NBA veteran Pau Gasol all-too-familiar with coronavirus, and yet is hopeful

NBA veteran Pau Gasol all-too-familiar with coronavirus, and yet is hopeful

Pau Gasol knows the coronavirus situation in the United States. He also knows well the toll it has taken in his native Spain where his mom is a doctor and dad is a nurse.

He recites the numbers: 3,000 positive cases per 1 million people in Spain, compared to 1,200 positive cases per 1 million in the U.S. In addition, there have been more COVID-19-related deaths in Spain (15,238) than in the U.S. (14,830) despite fewer confirmed cases.

“The healthcare system has been stressed a lot,” Gasol said of Spain, though the same can be said for portions of America. “Healthcare workers and first responders have been hit. More than 14% of COVID patients in Spain were in the healthcare sector. There’s a lack personal protection equipment. Lack of resources. Lack of ventilators and ICU beds. It exposed our weakness globally from the standpoint of we’re not prepared to deal with a pandemic like this.

Pau Gasol has played 18 seasons in the NBA.

“It’s been hard. A lot of uncertainty. A lot of fear as well because of the unknown.”

And yet Gasol, a 18-year NBA veteran, two-time NBA champion and six-time All-Star, searches for hope and meaning during these times.

He said he is inspired by people who emerged from horrible situations. Books written by Holocaust survivors have lifted him. He said just finished reading Edith Evan Eger’s "The Choice" and Viktor Frankl’s "Man’s Search for Meaning," which was recommended by Golden State Warriors coach Steve Kerr.

"Even though it may come at a high price, how do you respond to those adverse times that define you?” Gasol said. “You can respond with anger, bitterness, frustration, resentful or you can respond positively with a sense of being grateful and with a perspective of how can I be better prepared next time and how can I grow and be a stronger human being, family, community, country and world? How can this unite us and bring us closer instead of dividing us more?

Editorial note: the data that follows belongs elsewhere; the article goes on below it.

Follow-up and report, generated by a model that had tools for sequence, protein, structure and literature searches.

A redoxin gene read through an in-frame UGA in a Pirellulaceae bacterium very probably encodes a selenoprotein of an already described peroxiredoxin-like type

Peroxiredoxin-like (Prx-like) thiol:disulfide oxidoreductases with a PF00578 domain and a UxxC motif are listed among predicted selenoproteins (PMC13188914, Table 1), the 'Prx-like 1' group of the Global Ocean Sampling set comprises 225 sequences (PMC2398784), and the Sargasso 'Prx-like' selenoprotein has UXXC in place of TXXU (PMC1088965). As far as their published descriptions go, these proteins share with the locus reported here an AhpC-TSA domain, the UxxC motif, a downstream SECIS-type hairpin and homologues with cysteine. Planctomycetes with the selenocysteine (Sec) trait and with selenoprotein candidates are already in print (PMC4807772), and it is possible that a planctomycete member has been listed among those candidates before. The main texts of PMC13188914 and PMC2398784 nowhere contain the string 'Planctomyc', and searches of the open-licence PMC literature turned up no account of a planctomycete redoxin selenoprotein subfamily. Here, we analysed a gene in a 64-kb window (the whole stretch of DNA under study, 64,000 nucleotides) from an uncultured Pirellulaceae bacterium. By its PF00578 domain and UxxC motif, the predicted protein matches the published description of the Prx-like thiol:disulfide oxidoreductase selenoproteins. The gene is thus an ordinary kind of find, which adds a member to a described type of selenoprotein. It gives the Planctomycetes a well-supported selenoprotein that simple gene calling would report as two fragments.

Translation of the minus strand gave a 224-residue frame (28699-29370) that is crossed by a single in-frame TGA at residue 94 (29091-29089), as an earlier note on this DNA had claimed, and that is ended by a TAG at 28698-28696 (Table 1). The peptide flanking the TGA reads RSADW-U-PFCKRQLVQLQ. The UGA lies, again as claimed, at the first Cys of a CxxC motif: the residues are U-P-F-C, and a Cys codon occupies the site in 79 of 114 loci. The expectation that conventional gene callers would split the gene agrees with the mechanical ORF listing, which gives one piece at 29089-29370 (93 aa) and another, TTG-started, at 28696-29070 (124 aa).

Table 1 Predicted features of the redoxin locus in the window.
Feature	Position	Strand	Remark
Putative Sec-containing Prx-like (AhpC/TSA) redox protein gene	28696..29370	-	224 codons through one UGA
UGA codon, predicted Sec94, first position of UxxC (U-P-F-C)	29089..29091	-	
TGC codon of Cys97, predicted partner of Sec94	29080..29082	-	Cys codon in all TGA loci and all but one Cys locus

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"I hope this is an opportunity for us to figure things out together instead of pointing fingers and the tension building and leading to bigger problems.”

Gasol reads and learns, and right now, he’s reading a Phil Jackson recommendation: "Zen and the Art of Motorcycle Maintenance."

There’s no doubt that Gasol's parents influenced his compassion and understanding. Had he not been a gifted basketball player, Gasol would probably be a doctor in Spain today.

Gasol, who calls himself a realistic optimist, encourages people to think and reflect during this time. He also wants to make sure people address their mental health so that the isolation doesn’t consume them.

He focuses on the greater good of humanity which also means being, "better prepared in the future, to minimize the damage and the number of people infected or deceased from a virus like this – and even prepare for a potentially deadlier virus," Gasol said.

The future Hall of Famer is recovering from foot surgery a year ago and has not played this season. Though in an essay on The Players Tribune, he said he planned to play for Spain in the 2020 Tokyo Olympics. It would have been his fifth Olympics. But that will have to wait, with the Games postponed to 2021.

Gasol understands these are uncommon, extraordinary times.

“Our generation has been really fortunate,” he said. “We really haven’t had to deal with a lot of adversity compared to other times in humanity. This one is probably is the biggest one or one of the biggest ones we’ve had to face and go through. Life, our journey as human beings, is a continuous test.”

He searches for the positives.

“Adversity in challenging times really presents a chance for you to grow as a human being, to put things in perspective, to really get stronger and not take things for granted,” Gasol said. “There’s a lot of things we start to appreciate more, beginning with our health-care system and our health-care workers and all those people who provide essential services and have become our heroes.

"And even the little things in our life, like going out for a walk, spending time with our families, going to the movies or a restaurant or going to a sporting event. You shouldn’t take that for granted."


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